Korean game developer PUBG Corp., the studio behind popular battle royale game PlayerUnknown’s Battlegrounds (aka PUBG) is suing the Korean arm of Epic Games, the studio behind the even more obscenely popular Fortnite. In a report from The Korea Times, a PUBG employee is quoted as saying that the developer “filed the suit to protect our copyright in January.” The suit alleges that Epic Games infringed on PUBG Corp’s copyright.

Although this sets up what could be an incredibly meaningful battle between two of the most important studios in the gaming industry at the moment, it doesn’t come as much of a surprise. Bluehole, PUBG Corp’s parent company, said back in September when Fortnite’s Battle Royale mode launched that it was mulling action.

Without getting too deep into the weeds, PUBG is the brainchild of Brendan “PlayerUnknown” Greene. In the game, 100 players are dropped onto a desert island with nothing more than the shirts on their backs. They must scavenge for weapons, bandages, and other gear to survive, and the last player standing wins. PUBG was not the first battle royale game, but it was the culmination of years of experimentation from Greene modding other games.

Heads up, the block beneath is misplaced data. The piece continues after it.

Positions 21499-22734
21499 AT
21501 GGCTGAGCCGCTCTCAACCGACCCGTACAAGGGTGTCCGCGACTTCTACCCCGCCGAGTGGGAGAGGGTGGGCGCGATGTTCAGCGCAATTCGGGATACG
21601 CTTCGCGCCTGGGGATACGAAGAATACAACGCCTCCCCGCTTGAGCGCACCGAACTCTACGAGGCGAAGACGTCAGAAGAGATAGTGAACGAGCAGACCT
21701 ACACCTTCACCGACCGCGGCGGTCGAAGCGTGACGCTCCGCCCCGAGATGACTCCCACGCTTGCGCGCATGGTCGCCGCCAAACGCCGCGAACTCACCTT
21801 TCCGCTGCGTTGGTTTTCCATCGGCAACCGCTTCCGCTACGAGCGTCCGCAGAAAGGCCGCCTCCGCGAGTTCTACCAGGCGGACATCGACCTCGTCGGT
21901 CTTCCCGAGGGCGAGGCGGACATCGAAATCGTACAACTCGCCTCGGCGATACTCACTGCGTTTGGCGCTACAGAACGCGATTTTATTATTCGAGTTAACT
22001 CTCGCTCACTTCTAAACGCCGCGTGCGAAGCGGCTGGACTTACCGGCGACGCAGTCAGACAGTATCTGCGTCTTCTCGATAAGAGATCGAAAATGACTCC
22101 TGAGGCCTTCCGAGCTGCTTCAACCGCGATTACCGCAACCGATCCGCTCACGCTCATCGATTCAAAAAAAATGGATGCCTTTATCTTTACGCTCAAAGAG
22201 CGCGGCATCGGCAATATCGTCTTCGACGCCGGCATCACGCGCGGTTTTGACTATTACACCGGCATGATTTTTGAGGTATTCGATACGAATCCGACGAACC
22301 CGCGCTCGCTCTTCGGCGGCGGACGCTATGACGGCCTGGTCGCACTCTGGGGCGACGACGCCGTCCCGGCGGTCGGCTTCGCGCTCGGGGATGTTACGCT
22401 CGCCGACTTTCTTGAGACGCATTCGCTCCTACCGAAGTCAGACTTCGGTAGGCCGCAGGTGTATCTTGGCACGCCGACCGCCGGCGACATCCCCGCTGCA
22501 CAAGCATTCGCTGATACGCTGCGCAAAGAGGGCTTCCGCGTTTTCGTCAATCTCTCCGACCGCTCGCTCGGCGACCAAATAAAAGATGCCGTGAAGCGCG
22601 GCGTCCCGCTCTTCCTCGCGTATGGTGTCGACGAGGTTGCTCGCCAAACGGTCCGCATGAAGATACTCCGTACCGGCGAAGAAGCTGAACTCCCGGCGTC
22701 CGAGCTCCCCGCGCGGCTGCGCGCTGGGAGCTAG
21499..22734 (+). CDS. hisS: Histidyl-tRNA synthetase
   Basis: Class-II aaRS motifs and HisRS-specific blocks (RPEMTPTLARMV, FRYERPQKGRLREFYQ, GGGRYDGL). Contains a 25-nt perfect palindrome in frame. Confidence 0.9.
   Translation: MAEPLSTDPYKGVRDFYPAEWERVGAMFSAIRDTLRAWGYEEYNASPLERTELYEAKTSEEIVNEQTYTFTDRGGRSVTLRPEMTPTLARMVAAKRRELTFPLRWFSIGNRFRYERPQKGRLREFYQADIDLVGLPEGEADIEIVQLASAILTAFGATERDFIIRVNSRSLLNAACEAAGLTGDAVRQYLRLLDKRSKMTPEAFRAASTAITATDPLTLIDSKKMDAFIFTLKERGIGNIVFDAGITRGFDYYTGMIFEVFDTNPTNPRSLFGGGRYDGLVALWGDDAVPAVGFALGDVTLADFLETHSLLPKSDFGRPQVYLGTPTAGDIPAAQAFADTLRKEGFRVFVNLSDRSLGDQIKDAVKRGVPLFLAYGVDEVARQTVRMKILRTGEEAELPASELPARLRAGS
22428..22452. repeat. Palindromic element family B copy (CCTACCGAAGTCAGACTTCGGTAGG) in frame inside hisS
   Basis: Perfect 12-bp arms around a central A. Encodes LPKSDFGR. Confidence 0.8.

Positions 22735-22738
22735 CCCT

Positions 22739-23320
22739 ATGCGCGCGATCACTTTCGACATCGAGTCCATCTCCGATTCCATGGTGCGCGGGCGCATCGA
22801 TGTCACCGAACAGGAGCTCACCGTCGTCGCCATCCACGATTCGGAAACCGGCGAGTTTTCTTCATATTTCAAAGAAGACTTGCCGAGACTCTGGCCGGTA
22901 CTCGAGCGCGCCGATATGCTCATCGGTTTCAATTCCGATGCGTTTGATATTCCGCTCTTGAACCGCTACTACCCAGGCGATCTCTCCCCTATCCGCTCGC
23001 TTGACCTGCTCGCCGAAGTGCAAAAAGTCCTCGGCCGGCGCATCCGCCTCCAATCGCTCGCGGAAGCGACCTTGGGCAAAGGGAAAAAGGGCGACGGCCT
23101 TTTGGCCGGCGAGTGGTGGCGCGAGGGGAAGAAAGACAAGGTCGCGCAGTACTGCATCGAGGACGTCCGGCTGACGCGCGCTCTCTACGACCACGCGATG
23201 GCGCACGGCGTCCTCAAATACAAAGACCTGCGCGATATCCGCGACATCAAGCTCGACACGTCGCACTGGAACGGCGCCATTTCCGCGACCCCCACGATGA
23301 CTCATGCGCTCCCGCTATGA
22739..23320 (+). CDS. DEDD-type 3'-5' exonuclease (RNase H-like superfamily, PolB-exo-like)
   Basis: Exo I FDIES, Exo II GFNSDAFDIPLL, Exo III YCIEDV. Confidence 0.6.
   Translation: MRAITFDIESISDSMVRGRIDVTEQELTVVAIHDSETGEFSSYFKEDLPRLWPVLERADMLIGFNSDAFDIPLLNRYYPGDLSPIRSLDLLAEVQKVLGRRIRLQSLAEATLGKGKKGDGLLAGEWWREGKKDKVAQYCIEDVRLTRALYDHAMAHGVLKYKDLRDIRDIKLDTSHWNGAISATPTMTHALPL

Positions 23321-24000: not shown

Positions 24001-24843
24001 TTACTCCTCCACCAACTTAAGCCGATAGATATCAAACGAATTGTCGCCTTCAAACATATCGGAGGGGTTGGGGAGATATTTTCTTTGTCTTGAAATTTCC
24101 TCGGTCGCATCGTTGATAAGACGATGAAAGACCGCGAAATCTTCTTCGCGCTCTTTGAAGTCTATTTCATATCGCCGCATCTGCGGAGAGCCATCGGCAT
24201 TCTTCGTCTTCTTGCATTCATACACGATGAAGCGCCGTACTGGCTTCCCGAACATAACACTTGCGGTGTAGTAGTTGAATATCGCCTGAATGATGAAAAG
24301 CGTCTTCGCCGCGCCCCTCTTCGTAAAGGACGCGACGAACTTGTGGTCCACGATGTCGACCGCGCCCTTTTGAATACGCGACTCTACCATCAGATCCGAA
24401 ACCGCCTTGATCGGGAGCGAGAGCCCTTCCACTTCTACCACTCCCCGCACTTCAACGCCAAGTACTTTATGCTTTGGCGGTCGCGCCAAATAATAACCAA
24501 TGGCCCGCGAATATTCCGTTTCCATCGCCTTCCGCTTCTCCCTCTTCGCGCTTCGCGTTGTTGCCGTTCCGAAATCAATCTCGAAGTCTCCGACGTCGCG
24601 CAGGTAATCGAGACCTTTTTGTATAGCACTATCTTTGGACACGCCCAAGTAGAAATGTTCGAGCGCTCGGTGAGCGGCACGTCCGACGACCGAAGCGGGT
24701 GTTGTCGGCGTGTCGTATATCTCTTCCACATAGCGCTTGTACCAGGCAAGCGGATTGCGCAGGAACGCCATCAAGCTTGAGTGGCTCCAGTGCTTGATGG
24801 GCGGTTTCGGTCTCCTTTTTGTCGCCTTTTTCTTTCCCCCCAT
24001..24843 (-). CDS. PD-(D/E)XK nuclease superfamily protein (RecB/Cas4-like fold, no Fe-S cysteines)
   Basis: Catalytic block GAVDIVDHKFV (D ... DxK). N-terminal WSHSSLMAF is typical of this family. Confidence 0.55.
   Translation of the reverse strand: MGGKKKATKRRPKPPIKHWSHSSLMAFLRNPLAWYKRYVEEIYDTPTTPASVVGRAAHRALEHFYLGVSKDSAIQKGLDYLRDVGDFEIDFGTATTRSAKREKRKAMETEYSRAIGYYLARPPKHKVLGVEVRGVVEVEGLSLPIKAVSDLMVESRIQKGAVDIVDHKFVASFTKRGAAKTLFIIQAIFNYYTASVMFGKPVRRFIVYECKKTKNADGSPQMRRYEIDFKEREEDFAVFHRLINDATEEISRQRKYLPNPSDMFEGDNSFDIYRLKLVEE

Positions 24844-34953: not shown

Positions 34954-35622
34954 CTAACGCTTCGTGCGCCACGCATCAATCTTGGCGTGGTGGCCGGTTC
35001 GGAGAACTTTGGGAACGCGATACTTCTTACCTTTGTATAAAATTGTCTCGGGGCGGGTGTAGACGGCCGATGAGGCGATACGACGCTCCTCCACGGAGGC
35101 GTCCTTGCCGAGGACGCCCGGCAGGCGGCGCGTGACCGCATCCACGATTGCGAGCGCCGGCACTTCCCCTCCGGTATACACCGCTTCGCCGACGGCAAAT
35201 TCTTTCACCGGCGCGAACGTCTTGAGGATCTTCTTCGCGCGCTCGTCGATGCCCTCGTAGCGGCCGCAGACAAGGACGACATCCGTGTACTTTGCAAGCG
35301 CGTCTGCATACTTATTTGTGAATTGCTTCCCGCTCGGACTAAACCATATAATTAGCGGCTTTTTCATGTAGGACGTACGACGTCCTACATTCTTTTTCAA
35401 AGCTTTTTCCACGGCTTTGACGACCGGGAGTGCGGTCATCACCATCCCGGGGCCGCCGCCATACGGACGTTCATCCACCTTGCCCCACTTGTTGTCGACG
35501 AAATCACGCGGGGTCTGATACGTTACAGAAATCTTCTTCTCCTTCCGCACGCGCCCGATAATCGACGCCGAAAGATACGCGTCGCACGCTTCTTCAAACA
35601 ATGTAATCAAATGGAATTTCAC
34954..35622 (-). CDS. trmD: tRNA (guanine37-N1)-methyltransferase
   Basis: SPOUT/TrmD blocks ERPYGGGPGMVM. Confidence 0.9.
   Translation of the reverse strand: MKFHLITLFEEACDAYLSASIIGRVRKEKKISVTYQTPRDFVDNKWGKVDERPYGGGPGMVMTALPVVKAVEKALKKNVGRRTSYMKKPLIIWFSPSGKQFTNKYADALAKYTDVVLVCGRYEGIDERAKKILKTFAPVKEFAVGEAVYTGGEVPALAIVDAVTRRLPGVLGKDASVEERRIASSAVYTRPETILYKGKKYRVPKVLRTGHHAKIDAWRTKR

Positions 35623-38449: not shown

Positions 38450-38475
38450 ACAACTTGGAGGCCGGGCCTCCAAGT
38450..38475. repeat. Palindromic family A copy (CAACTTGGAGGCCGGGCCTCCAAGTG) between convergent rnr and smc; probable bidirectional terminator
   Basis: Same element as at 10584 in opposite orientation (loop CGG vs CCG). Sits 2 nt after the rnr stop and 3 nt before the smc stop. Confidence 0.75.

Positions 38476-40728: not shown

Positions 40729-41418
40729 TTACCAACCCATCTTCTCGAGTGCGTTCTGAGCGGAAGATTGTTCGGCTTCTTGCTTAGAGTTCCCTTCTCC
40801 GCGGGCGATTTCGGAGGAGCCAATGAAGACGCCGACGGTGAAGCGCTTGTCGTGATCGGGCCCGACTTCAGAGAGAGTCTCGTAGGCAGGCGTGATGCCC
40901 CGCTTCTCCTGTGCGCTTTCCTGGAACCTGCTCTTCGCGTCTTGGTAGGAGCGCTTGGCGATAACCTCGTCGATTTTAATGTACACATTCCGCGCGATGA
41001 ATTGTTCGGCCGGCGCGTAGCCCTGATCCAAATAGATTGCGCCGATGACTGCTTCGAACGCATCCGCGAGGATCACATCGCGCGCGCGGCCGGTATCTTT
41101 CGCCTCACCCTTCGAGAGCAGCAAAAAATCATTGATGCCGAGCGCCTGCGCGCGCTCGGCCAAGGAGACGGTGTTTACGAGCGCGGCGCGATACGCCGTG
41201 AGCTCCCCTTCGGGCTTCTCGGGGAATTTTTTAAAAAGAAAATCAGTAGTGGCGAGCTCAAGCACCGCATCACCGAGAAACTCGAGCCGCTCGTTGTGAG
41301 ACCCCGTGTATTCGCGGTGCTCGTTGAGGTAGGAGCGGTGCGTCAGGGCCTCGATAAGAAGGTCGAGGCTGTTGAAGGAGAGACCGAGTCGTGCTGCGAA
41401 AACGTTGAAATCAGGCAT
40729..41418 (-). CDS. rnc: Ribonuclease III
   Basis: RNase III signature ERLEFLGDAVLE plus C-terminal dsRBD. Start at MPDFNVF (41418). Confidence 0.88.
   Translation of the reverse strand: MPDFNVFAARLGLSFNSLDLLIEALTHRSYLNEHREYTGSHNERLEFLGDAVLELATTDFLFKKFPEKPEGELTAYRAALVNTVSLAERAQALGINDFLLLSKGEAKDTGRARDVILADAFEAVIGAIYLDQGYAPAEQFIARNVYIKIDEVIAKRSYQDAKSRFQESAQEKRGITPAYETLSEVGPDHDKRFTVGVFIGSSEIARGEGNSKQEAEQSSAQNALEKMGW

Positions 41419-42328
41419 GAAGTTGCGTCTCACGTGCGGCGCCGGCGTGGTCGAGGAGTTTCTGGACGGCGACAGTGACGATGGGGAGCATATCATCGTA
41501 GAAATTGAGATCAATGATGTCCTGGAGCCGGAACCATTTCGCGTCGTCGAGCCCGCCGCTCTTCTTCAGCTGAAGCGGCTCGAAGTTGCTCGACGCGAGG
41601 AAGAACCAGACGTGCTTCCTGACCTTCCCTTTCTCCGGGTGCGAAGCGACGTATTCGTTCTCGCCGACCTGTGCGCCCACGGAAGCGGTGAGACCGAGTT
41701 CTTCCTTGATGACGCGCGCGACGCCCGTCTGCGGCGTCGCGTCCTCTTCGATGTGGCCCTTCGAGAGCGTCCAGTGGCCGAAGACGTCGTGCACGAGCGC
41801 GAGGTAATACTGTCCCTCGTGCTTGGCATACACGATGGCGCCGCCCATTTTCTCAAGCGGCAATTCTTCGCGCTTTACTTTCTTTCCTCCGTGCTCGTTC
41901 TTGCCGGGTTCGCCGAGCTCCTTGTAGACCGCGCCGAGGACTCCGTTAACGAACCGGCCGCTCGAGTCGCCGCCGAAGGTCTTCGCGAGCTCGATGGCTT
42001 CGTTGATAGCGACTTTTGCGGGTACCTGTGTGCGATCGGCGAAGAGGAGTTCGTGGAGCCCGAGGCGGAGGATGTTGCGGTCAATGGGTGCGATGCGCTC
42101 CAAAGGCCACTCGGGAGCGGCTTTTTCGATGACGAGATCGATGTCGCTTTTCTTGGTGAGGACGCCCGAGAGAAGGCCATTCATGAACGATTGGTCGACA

So when Fortnite — a game about building shelters and fending off zombies — suddenly introduced a free-to-play battle royale mode, Bluehole was understandably concerned. Fortnite has since become a genuine phenomenon, attracting millions of players every day and generating hundreds of millions of dollars in revenue.

To add to the complexity of this case, PUBG actually runs on Unreal Engine 4, which is a suite of development tools made by Epic Games. Just another wrinkle to keep in mind as this fight plays out in the coming months.

Meanwhile, PUBG remains one of the most popular PC games on Earth, but the team behind the game has made it clear that they aren’t afraid to resort to legal action if they feel it necessary. In fact, a mobile developer by the name of NetEase was the subject of a separate lawsuit earlier this year. PUBG Corp. argued that Rules of Survival and Knives Out were both based on PUBG, and demanded $150,000 “per infringed work.”

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